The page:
and manner of the expiation of our sins, and our delivery from the guilt and punishment due to them, it remains that an accommodation of those several notions of it be made particularly and respectively to the business in hand.
I. The first consideration proposed of the death of Christ was of it as a price; and the issue and effect thereof is REDEMPTION. Hence Christ is spoken of in the Old Testament as a Redeemer: Job xix. 25, “I know that my Redeemer liveth.” The word there used is Spis, whose rise and use is commonly known.
bra is “vindicare, redimere;" isinau Cúveroor in Greek; which is commonly used for "suum vindicare:" "Orı áv Tis éxs nuevos , . ... zal μηδείς επιλάφηται, εάν ούτω τις ενιαυτόν οτιούν εκτημένος .
μη εξέστω τοιούτου κτήματος επιλαβέσθαι μηδέν απελθόντος ενιαυτού, Plato de Legib. 12. And that may be the sense of the word érinaucáverai
, if not in the effect, yet in the cause, Heb. ii. 16.
The rise and use of this word in this business of our deliverance by Christ we have Lev. xxv. 25, “If any of his kin come to redeem it.” zipo iba, —"redimens illud propinquus.” The next who is Sri [is to] redeem it, or vindicate the possession out of mortgage. On this account Boaz tells Ruth that, in respect of the possession of Elimelech, he was goël, Ruth iii. 13, a redeemer; which we have translated
a kinsman,” because he was to do that office by right of propinquity of blood or nearness of kin, as is evident from the law before mentioned. Christ, coming to vindicate us into liberty by his own blood, is called by Job his goël, chap. xix. 25; so also is he termed, Isa. xli. 14, 283, “thy redeemer,” or “thy next kinsman;" and chap. xliv. 6, in that excellent description of Christ, also verse 24, chap. xlvii. 4, xlviii. 17, xlix. 26, liv. 5, lix. 20, lx. 16, lxiii. 16, and in sundry other places. Neither is the church of God at all beholding to some late expositors, who, to show their skill in the Hebrew doctors, would impose upon us their interpretations, and make those expressions to signify deliverance in general, and to be referred to God the Father, seeing that the rise of the use of the word plainly restrains the redemption intended to the paying of a price for it; which was done only by Jesus Christ. So Jer. xxxii. 7, 8. Hence they that looked for the Messiah, according to the promise, are said to look for, or to wait for, aútpwoiv,“ redemption in Israel,” Luke ii. 38: and, in the accomplishment of the promise, the apostle tells us that Christ by his blood obtained for us "eternal redemption,” Heb. ix. 12. And he having so obtained it, we are "justified freely by the grace of God, dide της απολυτρώσεως της εν Χριστώ Ιησού,-by the redemption that is in Christ Jesus;” šv for dsá, “in him,” for “ by him," or wrought by him, Rom. iii. 24. And this being brought home to us, “ we have redemption through his blood, the forgiveness of sins," Eph. i. 7, Col. i. 14; whence he is said to be “made unto us útoúspwois,” or “redemption," 1 Cor. i. 30.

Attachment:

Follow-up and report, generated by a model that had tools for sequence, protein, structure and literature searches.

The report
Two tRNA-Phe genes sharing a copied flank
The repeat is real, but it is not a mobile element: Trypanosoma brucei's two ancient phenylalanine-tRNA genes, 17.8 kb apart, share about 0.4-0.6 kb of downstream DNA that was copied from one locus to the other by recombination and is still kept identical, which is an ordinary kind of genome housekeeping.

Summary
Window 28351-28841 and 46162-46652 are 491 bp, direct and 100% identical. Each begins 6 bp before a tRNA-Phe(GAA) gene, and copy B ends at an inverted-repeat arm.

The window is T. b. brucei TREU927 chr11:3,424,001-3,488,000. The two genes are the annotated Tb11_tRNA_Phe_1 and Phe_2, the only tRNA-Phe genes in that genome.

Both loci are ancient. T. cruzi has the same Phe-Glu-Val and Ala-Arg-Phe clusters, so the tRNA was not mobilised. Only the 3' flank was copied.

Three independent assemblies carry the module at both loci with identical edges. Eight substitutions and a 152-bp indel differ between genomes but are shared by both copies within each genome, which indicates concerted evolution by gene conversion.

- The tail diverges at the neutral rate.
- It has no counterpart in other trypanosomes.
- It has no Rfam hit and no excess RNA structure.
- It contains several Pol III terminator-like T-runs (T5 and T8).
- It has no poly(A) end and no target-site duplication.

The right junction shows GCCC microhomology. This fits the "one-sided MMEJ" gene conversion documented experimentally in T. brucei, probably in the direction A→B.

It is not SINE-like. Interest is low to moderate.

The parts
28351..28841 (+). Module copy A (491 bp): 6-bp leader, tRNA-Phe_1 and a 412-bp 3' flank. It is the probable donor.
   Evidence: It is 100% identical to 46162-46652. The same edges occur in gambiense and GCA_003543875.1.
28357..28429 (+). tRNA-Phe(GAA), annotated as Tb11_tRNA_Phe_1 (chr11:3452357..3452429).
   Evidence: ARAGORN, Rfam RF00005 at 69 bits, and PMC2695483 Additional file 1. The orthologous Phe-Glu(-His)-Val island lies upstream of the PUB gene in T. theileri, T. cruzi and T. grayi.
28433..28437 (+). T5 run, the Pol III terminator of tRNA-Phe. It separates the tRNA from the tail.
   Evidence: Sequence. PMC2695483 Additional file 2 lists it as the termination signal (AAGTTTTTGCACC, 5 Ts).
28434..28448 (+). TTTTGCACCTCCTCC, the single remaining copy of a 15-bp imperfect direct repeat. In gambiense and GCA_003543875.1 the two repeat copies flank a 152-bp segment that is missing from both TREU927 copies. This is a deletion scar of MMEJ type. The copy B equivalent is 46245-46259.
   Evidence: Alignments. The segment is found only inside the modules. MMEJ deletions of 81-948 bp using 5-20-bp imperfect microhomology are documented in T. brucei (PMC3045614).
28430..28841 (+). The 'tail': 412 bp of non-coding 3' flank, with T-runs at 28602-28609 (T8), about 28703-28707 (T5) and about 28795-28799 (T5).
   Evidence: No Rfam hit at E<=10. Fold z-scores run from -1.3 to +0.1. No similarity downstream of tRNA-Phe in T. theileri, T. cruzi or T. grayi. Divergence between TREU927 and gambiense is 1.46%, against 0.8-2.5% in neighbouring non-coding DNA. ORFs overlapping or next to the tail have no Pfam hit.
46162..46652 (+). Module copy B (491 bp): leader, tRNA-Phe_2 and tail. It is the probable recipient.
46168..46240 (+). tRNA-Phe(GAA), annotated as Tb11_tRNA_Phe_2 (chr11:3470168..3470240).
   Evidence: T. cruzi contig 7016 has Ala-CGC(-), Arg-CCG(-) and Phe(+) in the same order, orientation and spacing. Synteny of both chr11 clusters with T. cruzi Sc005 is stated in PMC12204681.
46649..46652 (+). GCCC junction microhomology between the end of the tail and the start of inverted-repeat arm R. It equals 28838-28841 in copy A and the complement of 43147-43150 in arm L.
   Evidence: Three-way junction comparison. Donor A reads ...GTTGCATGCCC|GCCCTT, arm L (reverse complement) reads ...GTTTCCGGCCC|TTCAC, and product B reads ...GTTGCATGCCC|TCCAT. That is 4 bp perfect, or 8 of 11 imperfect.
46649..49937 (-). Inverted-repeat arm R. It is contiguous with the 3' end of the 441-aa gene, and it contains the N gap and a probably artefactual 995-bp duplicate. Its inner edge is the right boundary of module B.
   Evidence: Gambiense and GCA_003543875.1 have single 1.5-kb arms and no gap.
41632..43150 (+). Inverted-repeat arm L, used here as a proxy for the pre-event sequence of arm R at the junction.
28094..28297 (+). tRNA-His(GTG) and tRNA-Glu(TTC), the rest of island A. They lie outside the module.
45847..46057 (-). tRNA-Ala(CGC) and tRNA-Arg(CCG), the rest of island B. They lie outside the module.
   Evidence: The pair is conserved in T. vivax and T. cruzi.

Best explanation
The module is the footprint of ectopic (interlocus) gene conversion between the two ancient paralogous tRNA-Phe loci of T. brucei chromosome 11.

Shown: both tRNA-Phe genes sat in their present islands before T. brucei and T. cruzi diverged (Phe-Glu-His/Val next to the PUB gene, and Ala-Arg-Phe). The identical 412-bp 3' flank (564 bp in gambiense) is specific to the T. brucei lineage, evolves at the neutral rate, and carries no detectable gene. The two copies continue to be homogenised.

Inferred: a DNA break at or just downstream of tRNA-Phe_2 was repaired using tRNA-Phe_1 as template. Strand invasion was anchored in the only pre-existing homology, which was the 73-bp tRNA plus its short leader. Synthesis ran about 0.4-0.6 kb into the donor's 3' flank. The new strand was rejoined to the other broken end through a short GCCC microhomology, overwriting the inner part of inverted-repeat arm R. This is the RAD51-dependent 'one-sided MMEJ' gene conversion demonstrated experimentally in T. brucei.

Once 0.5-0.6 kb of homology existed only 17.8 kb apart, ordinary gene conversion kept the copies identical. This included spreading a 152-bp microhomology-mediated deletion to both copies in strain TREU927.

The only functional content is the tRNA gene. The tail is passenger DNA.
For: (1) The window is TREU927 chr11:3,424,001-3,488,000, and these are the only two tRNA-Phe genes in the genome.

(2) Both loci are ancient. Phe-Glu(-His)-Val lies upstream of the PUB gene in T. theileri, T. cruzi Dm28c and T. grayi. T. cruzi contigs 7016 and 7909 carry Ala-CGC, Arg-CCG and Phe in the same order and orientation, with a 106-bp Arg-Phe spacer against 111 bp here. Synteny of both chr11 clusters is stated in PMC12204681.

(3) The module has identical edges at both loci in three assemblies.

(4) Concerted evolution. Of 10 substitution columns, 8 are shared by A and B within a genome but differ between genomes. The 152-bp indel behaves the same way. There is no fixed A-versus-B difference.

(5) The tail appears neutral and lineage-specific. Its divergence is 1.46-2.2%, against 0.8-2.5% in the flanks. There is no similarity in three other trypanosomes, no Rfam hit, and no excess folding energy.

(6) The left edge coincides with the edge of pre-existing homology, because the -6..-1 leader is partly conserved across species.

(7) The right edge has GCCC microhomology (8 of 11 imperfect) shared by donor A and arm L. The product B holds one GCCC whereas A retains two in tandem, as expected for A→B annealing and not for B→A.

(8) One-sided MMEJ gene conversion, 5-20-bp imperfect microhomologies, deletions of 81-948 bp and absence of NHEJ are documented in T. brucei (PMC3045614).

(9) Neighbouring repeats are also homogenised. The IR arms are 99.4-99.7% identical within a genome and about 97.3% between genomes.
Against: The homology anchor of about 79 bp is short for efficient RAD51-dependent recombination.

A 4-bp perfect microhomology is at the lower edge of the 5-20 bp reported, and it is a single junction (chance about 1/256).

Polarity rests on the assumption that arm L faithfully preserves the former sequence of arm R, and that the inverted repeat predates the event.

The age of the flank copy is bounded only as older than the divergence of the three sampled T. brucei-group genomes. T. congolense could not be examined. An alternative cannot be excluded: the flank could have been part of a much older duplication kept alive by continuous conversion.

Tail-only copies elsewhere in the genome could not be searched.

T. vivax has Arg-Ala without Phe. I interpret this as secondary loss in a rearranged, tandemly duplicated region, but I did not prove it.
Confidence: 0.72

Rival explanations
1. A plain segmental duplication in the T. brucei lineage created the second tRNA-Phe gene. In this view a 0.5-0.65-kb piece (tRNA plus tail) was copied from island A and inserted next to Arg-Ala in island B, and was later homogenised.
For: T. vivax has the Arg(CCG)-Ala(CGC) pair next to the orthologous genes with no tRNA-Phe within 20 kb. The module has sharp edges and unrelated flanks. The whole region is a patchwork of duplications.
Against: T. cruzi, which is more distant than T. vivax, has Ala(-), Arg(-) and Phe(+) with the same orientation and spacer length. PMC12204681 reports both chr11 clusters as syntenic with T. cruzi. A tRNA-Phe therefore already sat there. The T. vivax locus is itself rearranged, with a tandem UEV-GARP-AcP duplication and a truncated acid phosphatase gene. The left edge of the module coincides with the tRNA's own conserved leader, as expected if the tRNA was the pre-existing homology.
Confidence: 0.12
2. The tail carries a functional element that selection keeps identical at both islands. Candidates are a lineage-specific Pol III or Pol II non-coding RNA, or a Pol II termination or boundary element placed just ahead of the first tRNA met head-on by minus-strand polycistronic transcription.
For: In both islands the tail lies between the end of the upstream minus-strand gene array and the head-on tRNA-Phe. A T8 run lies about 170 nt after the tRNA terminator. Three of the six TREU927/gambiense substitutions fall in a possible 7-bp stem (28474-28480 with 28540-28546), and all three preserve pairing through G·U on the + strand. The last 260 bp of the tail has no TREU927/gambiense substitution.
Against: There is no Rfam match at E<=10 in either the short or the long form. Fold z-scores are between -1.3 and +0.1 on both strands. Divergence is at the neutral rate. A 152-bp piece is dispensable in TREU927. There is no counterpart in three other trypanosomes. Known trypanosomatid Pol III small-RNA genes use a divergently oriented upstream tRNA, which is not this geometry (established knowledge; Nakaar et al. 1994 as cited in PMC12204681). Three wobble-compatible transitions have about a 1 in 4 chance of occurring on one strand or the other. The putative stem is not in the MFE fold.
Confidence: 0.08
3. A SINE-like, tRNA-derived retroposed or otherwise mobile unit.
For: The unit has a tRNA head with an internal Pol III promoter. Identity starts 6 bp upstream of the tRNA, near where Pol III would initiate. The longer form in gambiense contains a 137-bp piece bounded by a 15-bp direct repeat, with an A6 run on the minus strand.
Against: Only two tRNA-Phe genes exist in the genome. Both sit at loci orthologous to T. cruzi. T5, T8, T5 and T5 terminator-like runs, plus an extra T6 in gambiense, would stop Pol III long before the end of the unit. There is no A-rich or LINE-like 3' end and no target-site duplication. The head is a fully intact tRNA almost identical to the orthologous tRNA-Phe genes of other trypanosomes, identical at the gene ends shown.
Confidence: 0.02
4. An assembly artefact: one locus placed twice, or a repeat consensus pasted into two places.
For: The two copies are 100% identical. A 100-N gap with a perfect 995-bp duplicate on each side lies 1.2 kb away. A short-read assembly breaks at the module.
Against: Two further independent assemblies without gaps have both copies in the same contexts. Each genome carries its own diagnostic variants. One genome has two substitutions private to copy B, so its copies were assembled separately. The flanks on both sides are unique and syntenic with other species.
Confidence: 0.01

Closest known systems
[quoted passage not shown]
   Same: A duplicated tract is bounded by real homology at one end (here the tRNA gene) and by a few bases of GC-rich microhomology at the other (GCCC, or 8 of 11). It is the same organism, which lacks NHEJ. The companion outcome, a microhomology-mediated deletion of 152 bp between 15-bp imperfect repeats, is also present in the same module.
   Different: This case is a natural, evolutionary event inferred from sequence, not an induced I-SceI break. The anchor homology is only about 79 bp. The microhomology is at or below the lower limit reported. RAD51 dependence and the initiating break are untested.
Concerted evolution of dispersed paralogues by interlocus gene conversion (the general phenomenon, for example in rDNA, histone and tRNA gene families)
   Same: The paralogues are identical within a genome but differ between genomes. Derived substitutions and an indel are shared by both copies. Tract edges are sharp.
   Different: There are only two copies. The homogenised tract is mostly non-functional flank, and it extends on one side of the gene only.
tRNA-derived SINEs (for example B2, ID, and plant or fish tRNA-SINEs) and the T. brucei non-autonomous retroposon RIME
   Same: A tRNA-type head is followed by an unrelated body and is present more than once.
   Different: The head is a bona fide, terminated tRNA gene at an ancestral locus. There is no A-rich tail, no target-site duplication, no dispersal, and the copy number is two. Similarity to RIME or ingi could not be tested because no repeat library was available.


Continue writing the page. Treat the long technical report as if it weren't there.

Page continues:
How this is done will be made evident by applying of what is now spoken to what was spoken of the death of Christ as a price. Christ giving himself or his life aúspov and avriluopov, a price of redemption, as hath been showed, a ransom, those for whom he did it come to have aúspwouv and ůronúspwoiv, redemption thereby, or deliverance from the captivity wherein they were. And our Saviour expresses particularly how this was done as to both parts, Matt. xx. 28. He came δούναι την ψυχήν λύτρον αντί πολλών,- that is, he came to be an åvriyuxos, one to stand in the room of others, and to give his life for them.
To make this the more evident and clear, I shall give a description of redemption properly so called, and make application of it in the several parts thereof unto that under consideration:
Redemption is the deliverance of any one from bondage or cap
tivity, and the misery attending that condition, by the intervention or interposition of a price or ransom, paid by the redeemer to him by whose authority he is detained, that, being delivered, he may be in a state of liberty, at the disposal of the redeemer.”
And this will comprise the laws of this redemption, which are usually given. They are, first, On the part of the redeemer:-1. “Propinquus esto;"_"Let him be near of kin.” 2. “Consanguinitatis jure redimito;"_“Let him redeem by right of consanguinity." 3. “Injusto possessori prædam eripito;"_"Let him deliver the prey from the unjust possessor.” 4. “Huic pretium nullum solvito;"
” “ To him let no price be paid.” 5. “ Sanguinem pro redemptionis pretio vero Domino offerto;"-"Let him offer or give his blood to the true Lord for a ransom, or price of redemption." Secondly, On